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Francis Wade Stop conflating budget with strategy

Each year, managers in your company sit down to devise budgets for the next twelve months.

As a participant in the process, you see that each department’s spending reflects certain priorities. Where do these come from? Are some correct in calling them strategic? Should they be reconciled in some way?

Managing costs has become a bigger priority than ever in these pandemic times. The best method of control? It’s nothing new: negotiate budgets with your department managers. Then hold them to account.

There is no question that this process works. It sets expectations and regulates purchases. In fact, some companies use the terms ‘budget’ and ‘revenue targets’ interchangeably in a nod to its universal acceptance.

However, as negotiations proceed each year, inevitable questions arise. Each department appears to be operating from its own background assumptions. Where did they come from? And what strategy is the unit pursuing? Is it related to the overall corporate plan?

Perhaps you are like many managers who notice these discrepancies. They exist, but you want them to disappear. The answer? Pull together a single strategic plan that covers all the budgets at the same time. Towards that end, a mandatory retreat is announced.

While this reasoning may appear sound, it is often deeply flawed. A budget should not be conflated with a corporate strategy for many reasons. Why? Here are just a few.

In terms of immediate threats to your business, a broken budget process is a huge risk. Why? Compared to the existence of a strategic plan, a busted budget can cause cash to run out.

Consequently, managers who disregard budgets are likely to face severe sanctions. By contrast, when you ignore the strategic plan, you are probably safe in the majority. After all, it only serves long-term interests.

This is just human nature. We pay more attention to our anxieties than long-term concerns. In this context, strategic planning becomes a nice-to-have business activity which adds little real value. When a retreat is not scheduled, nothing changes from one day to the next.

Strategy as afterthought

Second, your company may be like many. It only thinks about strategic matters when the fear of competition or disruption arises. The trigger might be a case study of failures, such as Kodak or Blackberry. Or a competitor’s advertisement for a new feature you didn’t even know existed.

In these moments, it becomes obvious: strategy matters. In fact, the right strategy probably earned your company the success and stability it experiences today. Someone had a vision of where the company should go.

However, history often reverses itself. I have led many corporate retreats in which the strategic planning activity was scheduled after the budgets were completed. They were merely last-ditch attempts to reconcile different points of view.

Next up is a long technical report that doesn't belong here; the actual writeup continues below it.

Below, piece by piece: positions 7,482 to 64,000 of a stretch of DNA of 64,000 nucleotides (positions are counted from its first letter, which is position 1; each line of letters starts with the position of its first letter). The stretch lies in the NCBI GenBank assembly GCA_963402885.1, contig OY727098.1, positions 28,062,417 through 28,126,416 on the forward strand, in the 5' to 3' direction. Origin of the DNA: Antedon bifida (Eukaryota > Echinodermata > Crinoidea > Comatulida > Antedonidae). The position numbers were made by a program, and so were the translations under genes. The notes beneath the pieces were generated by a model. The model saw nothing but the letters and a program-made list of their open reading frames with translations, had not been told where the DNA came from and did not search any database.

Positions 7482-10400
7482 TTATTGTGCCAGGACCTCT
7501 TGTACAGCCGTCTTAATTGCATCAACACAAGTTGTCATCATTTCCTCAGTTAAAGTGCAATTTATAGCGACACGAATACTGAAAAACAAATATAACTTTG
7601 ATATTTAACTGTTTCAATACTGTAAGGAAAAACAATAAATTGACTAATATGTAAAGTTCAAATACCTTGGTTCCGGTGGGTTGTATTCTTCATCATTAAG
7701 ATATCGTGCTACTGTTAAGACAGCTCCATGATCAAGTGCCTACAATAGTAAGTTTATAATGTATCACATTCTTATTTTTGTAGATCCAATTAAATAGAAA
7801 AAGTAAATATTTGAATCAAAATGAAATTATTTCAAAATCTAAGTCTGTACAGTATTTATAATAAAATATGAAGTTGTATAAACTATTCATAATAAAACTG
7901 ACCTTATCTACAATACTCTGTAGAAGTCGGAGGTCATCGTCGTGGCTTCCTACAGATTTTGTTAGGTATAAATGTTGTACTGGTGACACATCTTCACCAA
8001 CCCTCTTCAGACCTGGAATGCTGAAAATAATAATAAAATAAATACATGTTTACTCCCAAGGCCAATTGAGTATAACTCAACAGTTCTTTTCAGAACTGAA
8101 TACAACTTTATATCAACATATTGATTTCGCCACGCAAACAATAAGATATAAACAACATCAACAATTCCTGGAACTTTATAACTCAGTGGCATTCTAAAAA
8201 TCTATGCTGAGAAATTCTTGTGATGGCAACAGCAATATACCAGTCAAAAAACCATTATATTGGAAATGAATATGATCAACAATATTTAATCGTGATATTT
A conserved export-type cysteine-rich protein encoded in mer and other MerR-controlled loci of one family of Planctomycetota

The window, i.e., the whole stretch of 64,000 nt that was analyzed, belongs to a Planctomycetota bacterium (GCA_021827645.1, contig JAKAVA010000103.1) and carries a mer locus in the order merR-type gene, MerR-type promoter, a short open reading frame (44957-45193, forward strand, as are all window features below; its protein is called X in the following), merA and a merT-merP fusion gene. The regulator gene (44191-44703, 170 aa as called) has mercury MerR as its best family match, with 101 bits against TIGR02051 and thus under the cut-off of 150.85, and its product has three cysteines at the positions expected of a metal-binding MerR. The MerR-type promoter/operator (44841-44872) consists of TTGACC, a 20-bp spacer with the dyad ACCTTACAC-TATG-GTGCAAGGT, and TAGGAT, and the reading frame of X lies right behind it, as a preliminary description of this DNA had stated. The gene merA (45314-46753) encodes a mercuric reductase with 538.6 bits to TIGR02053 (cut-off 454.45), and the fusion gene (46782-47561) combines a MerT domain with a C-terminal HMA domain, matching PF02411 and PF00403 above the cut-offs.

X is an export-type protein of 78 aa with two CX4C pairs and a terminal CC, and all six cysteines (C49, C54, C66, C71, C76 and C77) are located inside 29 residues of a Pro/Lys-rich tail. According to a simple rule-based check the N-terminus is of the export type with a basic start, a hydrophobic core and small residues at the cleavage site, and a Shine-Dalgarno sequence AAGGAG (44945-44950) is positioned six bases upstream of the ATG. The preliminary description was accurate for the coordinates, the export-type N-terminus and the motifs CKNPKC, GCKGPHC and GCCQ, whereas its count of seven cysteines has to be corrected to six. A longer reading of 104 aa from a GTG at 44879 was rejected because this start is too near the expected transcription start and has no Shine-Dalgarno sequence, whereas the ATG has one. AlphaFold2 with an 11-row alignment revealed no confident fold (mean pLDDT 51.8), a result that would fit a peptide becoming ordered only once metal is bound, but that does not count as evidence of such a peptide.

Today, the danger in leaving strategy as an after-thought is that your company might be heading into extinction without knowing it.

If you are a top executive, you may not be detecting slow changes under way in your industry. By focusing on budgets before strategies, you fail to scan the horizon for changes before setting priorities. This mistake renders the entire budgetary exercise impotent – a shuffling of the chairs on the Titanic.

But there is no need to wait for a scare. Instead, examine your current strategic plan. A timeframe of five years or fewer is probably just an update of prior documents. It is Business-As-Usual, plus some small changes.

If incremental improvements are all that is expected, get everyone excited about producing a disruptive strategic plan instead.

Lost agility

A third reason is that game-changing results become impossible. Unfortunately, while your company rides on decisions made long ago, the world has continued to change. Before long, competitors will notice your slow-moving ways, leading them to look for disruptive ideas and technologies.

As they climb the learning curve, they anticipate transformations that build on each other. A dramatically different future comes into focus.

Such was the case of Apple’s iPhone division, and much closer to home, Digicel. By the end, thousands lost their jobs as the incumbents’ leaders failed to set a new direction.

If you are interested in a new paradigm, consider the advice of Dr Richard Rumelt from the recent Caribbean Strategy Conference.

He recommended that companies decouple budgetary and strategic activities. How? Ensure that they don’t follow the same annual cycle. Break them apart.

At the conference, we also learned to dream big by asking your team to contemplate 15- and 30-year scenarios. What does your company want to happen in decades to come?

Approaching your strategic planning in these new ways can preserve the integrity of the process. It might even keep your company from destruction.

Francis Wade is a management consultant and author of Perfect Time-Based Productivity. To receive a summary of links to past columns, or give feedback, email:

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